Asimov's    64     2     8    10   3.13%  12.50%  15.63% |1
           BCS    62     4     6    10   6.45%   9.68%  16.13% |3
  Clarkesworld    46     5     2     7  10.87%   4.35%  15.22% |3
    Compelling    11     3     1     4  27.27%   9.09%  36.36% |1
          CRES    13     1     1     2   7.69%   7.69%  15.38% |0
            DP    24     0     6     6   0.00%  25.00%  25.00% |0
           FFO    24     1     1     2   4.17%   4.17%   8.33% |1
           FSF    64     5     9    14   7.81%  14.06%  21.88% |5
            GA    17     0     2     2   0.00%  11.76%  11.76% |0
            GE    51     0     8     8   0.00%  15.69%  15.69% |0
    Lightspeed    53     5     5    10   9.43%   9.43%  18.87% |2
        Nature    51     3     2     5   5.88%   3.92%   9.80% |2
     Nightmare    23     2     1     3   8.70%   4.35%  13.04% |1
            SH    40     2     2     4   5.00%   5.00%  10.00% |1
         Slate    12     0     3     3   0.00%  25.00%  25.00% |0
     Terraform    45     1     1     2   2.22%   2.22%   4.44% |0
       Tor.com    26     4     2     6  15.38%   7.69%  23.08% |3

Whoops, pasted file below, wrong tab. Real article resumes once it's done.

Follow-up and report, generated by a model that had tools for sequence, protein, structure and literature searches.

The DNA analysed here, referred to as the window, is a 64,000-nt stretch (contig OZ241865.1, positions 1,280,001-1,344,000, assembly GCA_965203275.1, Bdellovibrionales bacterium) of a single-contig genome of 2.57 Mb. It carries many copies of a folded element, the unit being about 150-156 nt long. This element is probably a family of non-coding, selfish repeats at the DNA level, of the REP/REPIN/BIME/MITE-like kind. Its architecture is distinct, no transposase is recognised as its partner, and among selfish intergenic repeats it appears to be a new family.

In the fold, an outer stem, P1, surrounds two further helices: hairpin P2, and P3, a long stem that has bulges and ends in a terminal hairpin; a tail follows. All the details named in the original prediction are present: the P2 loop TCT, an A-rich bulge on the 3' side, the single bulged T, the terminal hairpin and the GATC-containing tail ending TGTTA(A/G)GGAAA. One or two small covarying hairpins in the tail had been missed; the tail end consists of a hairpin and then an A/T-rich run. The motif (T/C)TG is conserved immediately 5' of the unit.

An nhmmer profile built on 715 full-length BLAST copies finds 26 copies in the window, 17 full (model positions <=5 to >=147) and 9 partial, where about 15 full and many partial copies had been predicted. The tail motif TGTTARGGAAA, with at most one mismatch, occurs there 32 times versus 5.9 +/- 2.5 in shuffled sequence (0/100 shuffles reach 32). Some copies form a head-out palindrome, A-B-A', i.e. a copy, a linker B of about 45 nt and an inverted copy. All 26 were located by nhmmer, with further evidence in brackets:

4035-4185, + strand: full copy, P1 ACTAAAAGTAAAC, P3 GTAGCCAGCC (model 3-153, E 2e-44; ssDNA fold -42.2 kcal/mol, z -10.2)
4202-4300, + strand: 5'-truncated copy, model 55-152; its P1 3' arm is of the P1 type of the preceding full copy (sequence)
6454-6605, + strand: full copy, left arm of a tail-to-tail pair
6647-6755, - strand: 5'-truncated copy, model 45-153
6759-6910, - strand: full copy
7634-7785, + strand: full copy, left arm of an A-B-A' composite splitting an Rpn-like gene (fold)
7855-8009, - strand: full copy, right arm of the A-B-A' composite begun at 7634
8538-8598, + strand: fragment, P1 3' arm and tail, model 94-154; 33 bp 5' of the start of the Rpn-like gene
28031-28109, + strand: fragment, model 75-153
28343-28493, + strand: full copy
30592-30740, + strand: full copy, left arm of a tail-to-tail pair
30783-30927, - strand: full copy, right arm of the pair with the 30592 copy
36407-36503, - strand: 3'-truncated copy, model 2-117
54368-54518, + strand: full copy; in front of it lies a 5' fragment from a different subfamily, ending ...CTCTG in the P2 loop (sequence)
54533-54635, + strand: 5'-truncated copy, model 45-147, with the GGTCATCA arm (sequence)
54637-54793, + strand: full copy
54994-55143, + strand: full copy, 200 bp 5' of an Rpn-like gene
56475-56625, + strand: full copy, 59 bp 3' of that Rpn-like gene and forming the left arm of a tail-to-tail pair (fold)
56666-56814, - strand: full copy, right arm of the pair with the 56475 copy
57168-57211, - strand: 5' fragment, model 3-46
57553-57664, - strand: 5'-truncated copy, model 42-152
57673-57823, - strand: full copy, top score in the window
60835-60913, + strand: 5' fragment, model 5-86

Uncanny    33     2     1     3   6.06%   3.03%   9.09% |1

         TOTAL   793    45    73   118   5.67%   9.21%  14.88% |27

         Other    77     5     4     9   6.49%   5.19%  11.69% |2

Noted Stories

This is the complete list of those noted stories. The alphabet soup at the end indicates the category in the first chunk (SS=short story, NE=novelette, NA=novella), the genre in the second chunk (SF=science fiction, S-F=science fantasy, F=fantasy, H=horror, M=mainstream) and the third chunk is its status (HM=honorable mention, R=recommendation, YB=”Year’s Best Short Science Fiction and Fantasy” selection, which is a “recommendation plus”). Stories are supposed to be alphabetized by author and then by title.

  • The Gift of Angels: an introduction” by Nina Allan, Clarkesworld #146, November 2018, NE/SF/R